SAN DIEGO – What’s behind the slow clinical adoption of artificial intelligence? That question permeated the discussion at this week’s AIMed Global Summit, an up-and-coming conference dedicated to AI in healthcare.
Running June 4-7, this week’s meeting saw hundreds of healthcare professionals gather in San Diego. Radiology figured prominently as the medical specialty with a lion’s share of the over 500 FDA-cleared AI algorithms available for clinical use.
But being available for use and actually being used are two different things. A common refrain at AIMed 2023 was slow clinical uptake of AI, a problem widely attributed to difficulties in deploying and implementing the technology. One speaker noted that less than 5% of practices are using AI today.
One way to spur AI adoption is the platform approach, in which AI apps are vetted by a single entity for inclusion in a marketplace from which clinicians can pick and choose what they want.
The platform approach is gaining steam in radiology, but Mayo Clinic is rolling the platform concept out across its entire healthcare enterprise. First launched in 2019, Mayo Clinic Platform aims to help clinicians enjoy the benefits of AI without the implementation headache, according to Halim Abbas, senior director of AI at Mayo, who discussed Mayo’s progress on the platform at AIMed.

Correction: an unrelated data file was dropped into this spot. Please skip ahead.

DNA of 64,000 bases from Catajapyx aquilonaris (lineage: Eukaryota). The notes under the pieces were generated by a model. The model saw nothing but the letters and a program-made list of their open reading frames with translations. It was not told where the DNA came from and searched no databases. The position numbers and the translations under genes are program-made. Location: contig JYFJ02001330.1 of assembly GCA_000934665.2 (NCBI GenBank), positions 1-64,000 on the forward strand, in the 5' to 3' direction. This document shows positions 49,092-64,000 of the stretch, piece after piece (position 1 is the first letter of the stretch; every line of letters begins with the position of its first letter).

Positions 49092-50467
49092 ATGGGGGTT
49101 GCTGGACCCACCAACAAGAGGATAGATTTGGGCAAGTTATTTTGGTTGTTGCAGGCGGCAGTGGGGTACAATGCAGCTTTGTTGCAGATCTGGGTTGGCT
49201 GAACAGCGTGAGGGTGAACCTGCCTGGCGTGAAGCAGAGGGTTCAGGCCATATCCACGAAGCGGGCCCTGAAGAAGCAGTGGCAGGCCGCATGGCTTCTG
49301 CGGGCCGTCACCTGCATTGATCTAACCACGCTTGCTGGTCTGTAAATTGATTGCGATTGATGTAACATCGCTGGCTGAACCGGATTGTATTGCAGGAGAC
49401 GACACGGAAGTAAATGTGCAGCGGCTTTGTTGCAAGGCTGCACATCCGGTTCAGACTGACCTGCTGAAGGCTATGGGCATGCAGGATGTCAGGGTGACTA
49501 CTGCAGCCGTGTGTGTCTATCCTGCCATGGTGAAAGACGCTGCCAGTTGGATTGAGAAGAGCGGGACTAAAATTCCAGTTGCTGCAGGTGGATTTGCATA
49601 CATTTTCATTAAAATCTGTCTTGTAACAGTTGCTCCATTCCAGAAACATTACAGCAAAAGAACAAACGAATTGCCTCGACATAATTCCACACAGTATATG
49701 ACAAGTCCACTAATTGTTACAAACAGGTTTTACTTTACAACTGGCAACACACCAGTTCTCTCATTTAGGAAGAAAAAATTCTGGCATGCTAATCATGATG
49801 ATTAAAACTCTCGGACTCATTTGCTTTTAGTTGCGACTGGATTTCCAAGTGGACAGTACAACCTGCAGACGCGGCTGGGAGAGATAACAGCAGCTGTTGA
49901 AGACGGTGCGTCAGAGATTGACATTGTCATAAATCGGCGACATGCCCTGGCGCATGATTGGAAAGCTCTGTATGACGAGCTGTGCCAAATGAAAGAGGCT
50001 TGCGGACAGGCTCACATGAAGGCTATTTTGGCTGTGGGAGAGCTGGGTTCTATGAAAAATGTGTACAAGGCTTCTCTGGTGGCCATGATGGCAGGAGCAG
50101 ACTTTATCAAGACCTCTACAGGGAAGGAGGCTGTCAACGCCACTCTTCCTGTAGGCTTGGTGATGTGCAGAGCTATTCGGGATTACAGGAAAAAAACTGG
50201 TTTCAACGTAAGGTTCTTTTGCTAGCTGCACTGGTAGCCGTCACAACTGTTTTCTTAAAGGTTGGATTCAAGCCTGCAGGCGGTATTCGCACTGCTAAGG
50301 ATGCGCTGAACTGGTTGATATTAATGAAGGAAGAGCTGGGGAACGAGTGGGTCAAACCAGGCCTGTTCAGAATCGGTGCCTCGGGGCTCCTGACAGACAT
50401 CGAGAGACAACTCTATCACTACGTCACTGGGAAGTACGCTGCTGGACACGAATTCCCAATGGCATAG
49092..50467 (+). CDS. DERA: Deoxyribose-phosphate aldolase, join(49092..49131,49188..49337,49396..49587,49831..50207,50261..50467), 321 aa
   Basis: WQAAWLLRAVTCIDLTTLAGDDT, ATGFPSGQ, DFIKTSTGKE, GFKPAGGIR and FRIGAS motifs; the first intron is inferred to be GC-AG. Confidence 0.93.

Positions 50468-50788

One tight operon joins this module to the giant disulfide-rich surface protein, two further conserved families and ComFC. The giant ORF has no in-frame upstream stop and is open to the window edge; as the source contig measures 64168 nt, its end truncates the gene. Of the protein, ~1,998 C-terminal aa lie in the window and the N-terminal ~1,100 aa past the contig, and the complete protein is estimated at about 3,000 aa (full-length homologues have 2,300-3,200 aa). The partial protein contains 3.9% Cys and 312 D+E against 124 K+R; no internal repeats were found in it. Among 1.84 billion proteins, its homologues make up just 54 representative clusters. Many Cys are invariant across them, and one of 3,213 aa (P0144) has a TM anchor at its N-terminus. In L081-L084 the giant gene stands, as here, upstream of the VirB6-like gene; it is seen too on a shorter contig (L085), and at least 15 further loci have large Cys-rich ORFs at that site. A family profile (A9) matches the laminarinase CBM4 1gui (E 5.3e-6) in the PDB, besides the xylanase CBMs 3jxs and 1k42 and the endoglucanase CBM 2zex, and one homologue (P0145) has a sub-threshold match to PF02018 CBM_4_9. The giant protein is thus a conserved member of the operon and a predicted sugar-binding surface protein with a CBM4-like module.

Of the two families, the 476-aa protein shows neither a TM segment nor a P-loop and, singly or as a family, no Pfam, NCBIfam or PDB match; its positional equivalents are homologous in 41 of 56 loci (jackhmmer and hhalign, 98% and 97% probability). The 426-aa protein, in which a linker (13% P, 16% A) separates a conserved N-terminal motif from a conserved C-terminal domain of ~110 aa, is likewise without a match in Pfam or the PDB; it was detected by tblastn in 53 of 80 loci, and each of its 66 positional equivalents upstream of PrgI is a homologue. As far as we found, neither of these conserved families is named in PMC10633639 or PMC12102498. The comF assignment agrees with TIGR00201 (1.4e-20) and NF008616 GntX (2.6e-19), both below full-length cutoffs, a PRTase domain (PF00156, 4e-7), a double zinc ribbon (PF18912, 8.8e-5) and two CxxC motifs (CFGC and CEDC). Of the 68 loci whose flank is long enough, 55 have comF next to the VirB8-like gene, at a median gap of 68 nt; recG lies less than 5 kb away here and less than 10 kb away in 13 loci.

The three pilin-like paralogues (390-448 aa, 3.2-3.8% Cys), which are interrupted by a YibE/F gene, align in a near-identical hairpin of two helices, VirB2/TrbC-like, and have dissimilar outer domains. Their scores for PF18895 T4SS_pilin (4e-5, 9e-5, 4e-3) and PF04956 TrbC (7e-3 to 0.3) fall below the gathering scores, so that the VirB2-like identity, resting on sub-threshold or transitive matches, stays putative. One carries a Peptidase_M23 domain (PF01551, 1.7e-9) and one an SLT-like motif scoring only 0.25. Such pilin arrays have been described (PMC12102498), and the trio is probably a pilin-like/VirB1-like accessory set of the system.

The Mayo Clinic Platform has several main features:
- Each medical specialty maintains its own internal AI R&D team with access to its own AI applications
- At the same time, Mayo operates a centralized AI operation that provides tools and services accessible across departments, such as data de-identification and harmonization, augmented data curation, and validation benchmarks
- Clinical data is made available outside the -ologies, but the data is anonymized and secured, an approach Mayo calls “data behind glass”
Mayo Clinic Platform gives different -ologies some ownership of AI, but centralizes key functions and services to improve AI efficiency and smooth implementation.
Mayo Clinic Platform offers an intriguing model for AI deployment. By removing AI’s implementation pain points, Mayo hopes to ramp up clinical utilization, and Mayo has the organizational heft and technical expertise to make it work (see below for news on Mayo’s new generative AI deal with Google Cloud).
But can Mayo’s AI model be duplicated at smaller health systems and community providers that don’t have its IT resources? Maybe we’ll find out at AIMed 2024.